Loyalty and Memory: A Civil War Scrapbook in Baltimore
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Type of Work32 p.
DepartmentHistory and Historic Preservation
RightsCollection may be protected under Title 17 of the U.S. Copyright Law. To obtain information or permission to publish or reproduce, please contact the Goucher Special Collections & Archives at 410-337-6347 or email email@example.com.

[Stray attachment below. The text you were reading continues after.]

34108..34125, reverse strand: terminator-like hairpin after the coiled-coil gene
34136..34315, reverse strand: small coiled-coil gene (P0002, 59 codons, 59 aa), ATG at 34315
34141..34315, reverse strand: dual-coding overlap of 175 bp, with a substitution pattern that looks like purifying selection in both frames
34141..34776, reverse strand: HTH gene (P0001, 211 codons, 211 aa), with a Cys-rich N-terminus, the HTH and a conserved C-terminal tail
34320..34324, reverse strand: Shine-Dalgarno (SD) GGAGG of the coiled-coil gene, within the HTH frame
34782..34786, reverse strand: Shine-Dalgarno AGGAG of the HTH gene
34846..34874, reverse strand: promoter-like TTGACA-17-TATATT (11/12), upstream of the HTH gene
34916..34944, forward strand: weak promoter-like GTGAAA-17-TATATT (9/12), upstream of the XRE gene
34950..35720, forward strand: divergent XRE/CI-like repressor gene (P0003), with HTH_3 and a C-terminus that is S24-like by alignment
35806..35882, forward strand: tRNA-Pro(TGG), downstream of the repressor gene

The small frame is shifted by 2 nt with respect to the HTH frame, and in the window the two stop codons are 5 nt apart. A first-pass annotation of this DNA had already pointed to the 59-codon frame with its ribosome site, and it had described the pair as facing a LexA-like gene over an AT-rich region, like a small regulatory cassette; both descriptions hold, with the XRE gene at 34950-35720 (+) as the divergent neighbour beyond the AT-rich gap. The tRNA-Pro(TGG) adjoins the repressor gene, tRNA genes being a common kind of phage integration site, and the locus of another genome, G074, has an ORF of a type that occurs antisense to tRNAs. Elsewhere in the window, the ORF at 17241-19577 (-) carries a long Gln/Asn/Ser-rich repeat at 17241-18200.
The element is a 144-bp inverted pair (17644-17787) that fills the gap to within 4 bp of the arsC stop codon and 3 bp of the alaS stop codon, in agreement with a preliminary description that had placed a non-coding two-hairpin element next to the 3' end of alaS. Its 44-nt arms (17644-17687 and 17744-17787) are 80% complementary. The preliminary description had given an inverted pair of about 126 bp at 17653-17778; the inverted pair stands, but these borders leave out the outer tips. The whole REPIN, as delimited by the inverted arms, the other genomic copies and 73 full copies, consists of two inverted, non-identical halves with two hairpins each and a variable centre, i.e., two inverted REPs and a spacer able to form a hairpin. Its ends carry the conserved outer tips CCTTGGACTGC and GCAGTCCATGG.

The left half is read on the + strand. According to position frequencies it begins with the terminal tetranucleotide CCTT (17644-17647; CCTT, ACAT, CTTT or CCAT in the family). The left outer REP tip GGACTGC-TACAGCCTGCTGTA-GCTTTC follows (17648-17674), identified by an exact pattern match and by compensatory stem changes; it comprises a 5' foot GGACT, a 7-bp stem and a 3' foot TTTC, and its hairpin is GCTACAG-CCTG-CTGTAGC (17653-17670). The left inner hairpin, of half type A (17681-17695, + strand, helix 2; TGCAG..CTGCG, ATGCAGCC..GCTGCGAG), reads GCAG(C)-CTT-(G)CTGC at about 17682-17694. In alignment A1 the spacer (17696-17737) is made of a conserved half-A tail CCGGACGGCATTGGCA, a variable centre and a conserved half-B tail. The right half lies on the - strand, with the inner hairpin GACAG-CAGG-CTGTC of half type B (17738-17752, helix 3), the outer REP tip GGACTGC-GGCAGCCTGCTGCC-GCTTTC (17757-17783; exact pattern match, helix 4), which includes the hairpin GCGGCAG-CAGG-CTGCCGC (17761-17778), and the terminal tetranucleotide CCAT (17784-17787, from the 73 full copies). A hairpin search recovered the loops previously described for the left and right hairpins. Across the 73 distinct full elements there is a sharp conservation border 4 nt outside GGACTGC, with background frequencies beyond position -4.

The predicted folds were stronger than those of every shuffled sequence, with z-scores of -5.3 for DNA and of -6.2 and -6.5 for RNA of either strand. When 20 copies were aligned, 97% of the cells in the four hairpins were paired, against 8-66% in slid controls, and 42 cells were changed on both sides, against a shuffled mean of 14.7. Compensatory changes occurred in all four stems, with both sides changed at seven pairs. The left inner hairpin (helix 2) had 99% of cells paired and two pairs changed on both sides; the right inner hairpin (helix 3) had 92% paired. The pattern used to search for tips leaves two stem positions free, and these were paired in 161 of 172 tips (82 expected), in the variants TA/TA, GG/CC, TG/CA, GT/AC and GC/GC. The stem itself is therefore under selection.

This paper is evidence of the power that a primary source can have over a researcher when that source inspires more questions than answers. When I was first introduced to the series of Civil War Scrapbooks in Goucher’s Special Collections I had not planned to write a paper about American history. My majors are in Spanish and History, and I had expected to write about Latin America, or at least to use a primary source in Spanish for my research paper. The mystery of the scrapbooks, however, was too tempting to resist. The resources in Goucher’s library were central to my research. I spent many hours in Goucher’s Special Collections looking at the six scrapbooks, and whenever I needed to give my research direction I would study the shelves of the library, looking for titles that could give new insight to my research. As a result, the majority of my secondary sources are books that I found in the library. The process of writing this paper showed me how much research is driven by curiosity. When I first saw the scrapbooks I immediately wanted to know more about who made them, what the creator’s life had been like, and whether there were more scrapbooks like these. I realized that the newspaper clippings of the scrapbook were not going to give me the answers that I wanted; I would need to learn more about Baltimore during the Civil War and follow the clues the primary source gave me to find out more about these scrapbooks. The only answers I would get were the ones that I found for myself. This project gave me the opportunity to use my research skills to solve an intriguing mystery.